“Well, hi there… happy Tuesday.” For those of you to whom these first five words sound familiar, the words following will come as no surprise. For the past five and a half years, Jian Ghomeshi has been gaining momentum. His CBC Radio One show, The Q, has garnered him national and international acclaim: it is a praise, well deserved.
Ghomeshi’s interviews are consistently compelling, a perfect balance of informed questions and a sympathetic personality that puts every guest at ease (with the exception of Billy Bob, of course). Ghomeshi’s star has risen on both sides of the 49th. Every morning, starting at 10:00 PST, he introduces Canada’s blossoming, unique culture to our American neighbors… and ourselves. Timing is everything. Jian is the man of our time— he is Canada’s beardless prophet.
With all this momentum, it comes as no surprise that Ghomeshi was offered a book deal. His personality, which is somewhat understated in the oral context of his talk show as he routinely steps aside and allows his guests to shine, has become a subject of great interest in Canada and abroad. We want to know more about this Iranian/Brit./Canadian who rose to fame in the early nineties as the drummer of Moxy Fruvous. We want to know what happened before his fame (Bowie reference intended). With 1982, Ghomeshi finally delivers his big reveal.
As the title of the book suggests, 1982 stops short of providing us with a detailed account of Ghomeshi’s youth and young manhood, much less the past five and a half years of his life. With this book, Ghomeshi chooses to document a single teenage year of his life in all its endearingly awkward detail. He chooses to forgo a ‘womb to tomb’ style biography: the book is more microcosm, less macrocosm. Some of the characters who inhabit this book will be familiar to avid Q listeners, especially Jian’s father who continually asks leading questions after making enthusiastic proclamations such as: “That’s great!”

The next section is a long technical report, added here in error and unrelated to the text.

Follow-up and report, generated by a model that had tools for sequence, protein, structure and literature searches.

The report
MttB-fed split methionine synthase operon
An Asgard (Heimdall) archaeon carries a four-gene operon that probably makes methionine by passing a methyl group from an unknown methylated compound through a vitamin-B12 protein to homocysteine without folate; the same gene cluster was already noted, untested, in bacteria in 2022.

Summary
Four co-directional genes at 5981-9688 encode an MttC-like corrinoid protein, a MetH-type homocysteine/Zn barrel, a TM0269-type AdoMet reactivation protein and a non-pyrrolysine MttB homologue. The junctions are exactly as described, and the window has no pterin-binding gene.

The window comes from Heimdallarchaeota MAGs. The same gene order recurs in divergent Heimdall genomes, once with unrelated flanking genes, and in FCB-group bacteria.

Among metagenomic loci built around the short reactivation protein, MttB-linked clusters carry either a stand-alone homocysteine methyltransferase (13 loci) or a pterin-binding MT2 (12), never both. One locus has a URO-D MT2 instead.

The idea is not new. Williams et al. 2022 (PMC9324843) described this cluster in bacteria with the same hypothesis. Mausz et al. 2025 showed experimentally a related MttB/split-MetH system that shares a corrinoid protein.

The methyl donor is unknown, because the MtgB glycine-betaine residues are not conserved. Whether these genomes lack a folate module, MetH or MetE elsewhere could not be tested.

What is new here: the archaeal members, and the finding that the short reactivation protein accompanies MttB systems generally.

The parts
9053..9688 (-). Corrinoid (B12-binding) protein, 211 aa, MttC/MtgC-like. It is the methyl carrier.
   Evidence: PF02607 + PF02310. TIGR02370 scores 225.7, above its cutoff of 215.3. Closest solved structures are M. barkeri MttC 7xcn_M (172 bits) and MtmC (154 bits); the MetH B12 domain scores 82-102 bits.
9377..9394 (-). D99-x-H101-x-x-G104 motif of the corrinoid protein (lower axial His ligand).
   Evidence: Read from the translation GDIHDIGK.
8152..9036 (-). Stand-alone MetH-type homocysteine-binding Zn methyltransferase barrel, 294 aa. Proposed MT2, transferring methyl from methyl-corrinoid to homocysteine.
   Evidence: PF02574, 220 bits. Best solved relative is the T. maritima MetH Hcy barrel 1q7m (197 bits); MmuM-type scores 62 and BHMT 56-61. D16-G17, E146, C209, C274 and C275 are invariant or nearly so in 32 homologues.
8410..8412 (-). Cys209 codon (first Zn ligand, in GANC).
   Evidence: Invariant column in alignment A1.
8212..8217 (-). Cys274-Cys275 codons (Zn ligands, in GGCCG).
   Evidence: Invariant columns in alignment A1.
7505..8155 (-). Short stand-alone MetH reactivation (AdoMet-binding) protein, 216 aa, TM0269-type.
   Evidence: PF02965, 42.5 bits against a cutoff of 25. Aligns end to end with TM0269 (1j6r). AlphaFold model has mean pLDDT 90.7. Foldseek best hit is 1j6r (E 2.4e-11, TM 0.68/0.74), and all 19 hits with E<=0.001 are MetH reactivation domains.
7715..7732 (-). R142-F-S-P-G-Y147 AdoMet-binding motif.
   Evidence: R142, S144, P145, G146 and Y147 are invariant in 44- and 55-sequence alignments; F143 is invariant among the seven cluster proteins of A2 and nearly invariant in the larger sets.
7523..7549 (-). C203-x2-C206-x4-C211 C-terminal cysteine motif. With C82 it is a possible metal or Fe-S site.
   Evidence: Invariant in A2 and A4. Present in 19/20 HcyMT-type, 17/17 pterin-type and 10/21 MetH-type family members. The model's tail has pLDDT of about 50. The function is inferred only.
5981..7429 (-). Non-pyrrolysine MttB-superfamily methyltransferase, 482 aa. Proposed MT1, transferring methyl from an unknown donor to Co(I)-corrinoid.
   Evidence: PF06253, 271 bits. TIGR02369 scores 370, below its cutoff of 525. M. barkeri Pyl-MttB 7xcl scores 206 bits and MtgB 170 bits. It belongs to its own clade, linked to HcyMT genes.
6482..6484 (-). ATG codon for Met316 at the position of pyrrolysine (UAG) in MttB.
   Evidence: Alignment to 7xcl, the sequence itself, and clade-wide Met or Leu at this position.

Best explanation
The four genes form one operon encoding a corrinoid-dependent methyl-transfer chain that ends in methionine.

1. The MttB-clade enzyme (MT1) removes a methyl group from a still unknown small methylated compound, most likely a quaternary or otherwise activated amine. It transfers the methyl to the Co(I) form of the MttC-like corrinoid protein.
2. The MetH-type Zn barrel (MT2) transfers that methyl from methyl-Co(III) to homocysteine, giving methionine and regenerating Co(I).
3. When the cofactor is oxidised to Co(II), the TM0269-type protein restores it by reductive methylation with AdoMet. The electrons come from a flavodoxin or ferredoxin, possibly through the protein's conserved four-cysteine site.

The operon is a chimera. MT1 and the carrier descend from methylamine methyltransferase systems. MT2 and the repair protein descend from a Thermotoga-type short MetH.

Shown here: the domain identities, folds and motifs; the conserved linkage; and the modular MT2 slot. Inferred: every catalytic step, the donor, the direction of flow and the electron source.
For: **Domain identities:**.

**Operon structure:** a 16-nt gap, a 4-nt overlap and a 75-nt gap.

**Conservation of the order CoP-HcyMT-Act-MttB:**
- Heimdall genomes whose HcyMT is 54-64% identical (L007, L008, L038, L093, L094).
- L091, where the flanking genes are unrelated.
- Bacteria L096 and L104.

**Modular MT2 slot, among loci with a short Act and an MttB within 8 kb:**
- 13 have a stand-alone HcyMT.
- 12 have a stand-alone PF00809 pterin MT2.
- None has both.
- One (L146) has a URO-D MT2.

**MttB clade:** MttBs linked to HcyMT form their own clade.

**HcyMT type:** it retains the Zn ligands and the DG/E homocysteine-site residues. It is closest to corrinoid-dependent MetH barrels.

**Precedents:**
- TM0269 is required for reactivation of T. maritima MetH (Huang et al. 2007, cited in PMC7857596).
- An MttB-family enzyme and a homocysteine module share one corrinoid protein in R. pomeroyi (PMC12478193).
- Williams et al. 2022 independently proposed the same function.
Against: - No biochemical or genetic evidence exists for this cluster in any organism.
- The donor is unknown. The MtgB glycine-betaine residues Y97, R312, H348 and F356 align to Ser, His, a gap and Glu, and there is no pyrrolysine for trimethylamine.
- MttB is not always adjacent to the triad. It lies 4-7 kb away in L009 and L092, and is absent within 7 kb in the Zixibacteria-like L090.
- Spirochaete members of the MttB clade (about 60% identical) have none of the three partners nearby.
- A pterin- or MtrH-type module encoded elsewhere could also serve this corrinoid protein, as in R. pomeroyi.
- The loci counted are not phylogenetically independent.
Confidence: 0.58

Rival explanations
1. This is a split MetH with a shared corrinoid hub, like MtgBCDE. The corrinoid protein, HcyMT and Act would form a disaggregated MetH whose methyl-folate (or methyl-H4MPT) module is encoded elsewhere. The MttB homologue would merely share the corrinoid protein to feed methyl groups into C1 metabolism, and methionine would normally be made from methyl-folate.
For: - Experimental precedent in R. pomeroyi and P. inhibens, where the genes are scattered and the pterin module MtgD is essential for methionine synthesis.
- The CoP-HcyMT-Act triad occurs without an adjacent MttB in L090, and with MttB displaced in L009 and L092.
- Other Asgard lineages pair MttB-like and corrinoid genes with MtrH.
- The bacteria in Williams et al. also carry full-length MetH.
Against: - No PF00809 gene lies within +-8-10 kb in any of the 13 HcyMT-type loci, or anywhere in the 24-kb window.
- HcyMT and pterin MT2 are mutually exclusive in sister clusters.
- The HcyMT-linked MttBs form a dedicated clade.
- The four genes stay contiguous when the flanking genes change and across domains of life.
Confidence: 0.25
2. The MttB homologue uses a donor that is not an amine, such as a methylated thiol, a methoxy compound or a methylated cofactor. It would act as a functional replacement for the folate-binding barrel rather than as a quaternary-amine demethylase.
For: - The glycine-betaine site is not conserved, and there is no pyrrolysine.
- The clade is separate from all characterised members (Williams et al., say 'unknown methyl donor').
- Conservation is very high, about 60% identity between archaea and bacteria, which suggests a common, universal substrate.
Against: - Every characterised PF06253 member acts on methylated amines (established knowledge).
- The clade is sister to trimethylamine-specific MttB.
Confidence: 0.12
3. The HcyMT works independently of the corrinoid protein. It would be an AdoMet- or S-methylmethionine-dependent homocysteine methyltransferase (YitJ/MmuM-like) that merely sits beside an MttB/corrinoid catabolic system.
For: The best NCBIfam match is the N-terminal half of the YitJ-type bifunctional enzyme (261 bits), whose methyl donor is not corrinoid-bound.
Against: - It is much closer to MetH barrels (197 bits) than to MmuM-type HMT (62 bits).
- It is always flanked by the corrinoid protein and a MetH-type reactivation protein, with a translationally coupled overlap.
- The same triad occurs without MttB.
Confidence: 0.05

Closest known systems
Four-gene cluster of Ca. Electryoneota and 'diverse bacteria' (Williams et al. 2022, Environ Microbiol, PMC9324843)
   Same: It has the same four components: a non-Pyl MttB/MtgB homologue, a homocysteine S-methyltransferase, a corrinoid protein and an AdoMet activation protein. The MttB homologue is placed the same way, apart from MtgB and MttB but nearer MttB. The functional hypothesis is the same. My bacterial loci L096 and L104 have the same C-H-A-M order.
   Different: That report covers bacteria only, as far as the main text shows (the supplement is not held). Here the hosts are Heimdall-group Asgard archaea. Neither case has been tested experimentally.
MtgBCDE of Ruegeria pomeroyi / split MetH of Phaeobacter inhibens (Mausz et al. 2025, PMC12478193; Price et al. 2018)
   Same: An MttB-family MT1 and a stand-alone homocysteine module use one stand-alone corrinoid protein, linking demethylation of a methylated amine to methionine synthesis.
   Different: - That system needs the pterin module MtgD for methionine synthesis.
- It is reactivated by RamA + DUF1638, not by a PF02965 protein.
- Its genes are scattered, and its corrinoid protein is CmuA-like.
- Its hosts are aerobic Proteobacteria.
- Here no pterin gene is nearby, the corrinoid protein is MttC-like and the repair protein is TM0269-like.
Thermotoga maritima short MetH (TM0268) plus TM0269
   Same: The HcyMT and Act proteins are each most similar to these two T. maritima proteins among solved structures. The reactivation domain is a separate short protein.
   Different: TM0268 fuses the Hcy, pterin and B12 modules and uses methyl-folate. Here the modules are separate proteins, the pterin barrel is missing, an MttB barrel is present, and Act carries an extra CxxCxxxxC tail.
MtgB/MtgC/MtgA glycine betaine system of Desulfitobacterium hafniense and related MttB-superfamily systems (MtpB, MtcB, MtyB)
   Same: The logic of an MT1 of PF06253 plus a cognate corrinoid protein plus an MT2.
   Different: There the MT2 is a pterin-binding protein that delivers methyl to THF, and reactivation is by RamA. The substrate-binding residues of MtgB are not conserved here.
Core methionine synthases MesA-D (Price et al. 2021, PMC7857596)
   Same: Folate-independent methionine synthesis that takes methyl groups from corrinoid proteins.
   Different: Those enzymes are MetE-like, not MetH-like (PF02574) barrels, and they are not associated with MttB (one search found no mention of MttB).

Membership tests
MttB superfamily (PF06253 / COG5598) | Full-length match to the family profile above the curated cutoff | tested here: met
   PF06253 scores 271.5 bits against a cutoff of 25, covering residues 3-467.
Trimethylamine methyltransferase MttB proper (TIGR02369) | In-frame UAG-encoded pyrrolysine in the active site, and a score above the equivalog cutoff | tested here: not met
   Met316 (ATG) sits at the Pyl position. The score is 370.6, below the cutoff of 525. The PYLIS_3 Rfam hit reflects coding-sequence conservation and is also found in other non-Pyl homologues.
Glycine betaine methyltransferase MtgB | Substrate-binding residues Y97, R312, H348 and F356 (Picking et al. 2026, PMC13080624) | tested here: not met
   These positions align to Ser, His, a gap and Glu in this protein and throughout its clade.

Such are the characters who took center stage on Tuesday evening in Victoria. Yes, Ghomeshi read from his book, but throughout the two hour long reading it became resoundingly clear that the stories within Ghomeshi’s first published book were stories initially rehearsed and edited around a dinner table with friends and family: these are tales best spoken, and that’s exactly what Ghomeshi did on Tuesday night. Ghomeshi played to his strengths, and held the sold out Victorian venue captive for over two hours. He told stories in elaborate accents, he charmed his way into hearts which were already completely charmed as he seamlessly wove parts of his written narrative into a captivatingly conversational manner of speech.
But the highlight of the evening came near the end. During the question and answer period, an older gentleman ran down the old hall’s center aisle not to ask Ghomeshi a question but to share with him and the rest of us, a truth much more profound than anything you’ll find in Ghomeshi’s first book. The man, a Persian immigrant Victoria via Winnipeg, clearly identified with Ghomeshi’s father: he said as much, prompting Ghomeshi to literally bow at his feet. The unidentified man’s truth is a truth to which we, as Canadians, a fundamentally Métis nation, can surely relate: “Home is where you live long enough to see the trees grow”.
And perhaps this is why so many of us relate to Jian Ghomeshi. While 1982 testifies to Ghomeshi’s initial reluctance to embrace his own convoluted heritage, while he sometimes finds his parents embarrassing and strives to be David Bowie rather than Jian Ghomeshi, 1982 is ultimately an testament to the power of genuine self discovery. Ghomeshi discovers that he ain’t no Bowie; instead, he’s something much more valuable and truly real than the inconsistent branding of his favourite rock star. Indeed, Ghomeshi, like the rest of us, contains a complex amalgam of identities and cultures which populate and continually define and redefine our country. If Ghomeshi can be proud of it, so can we… in fact, we must.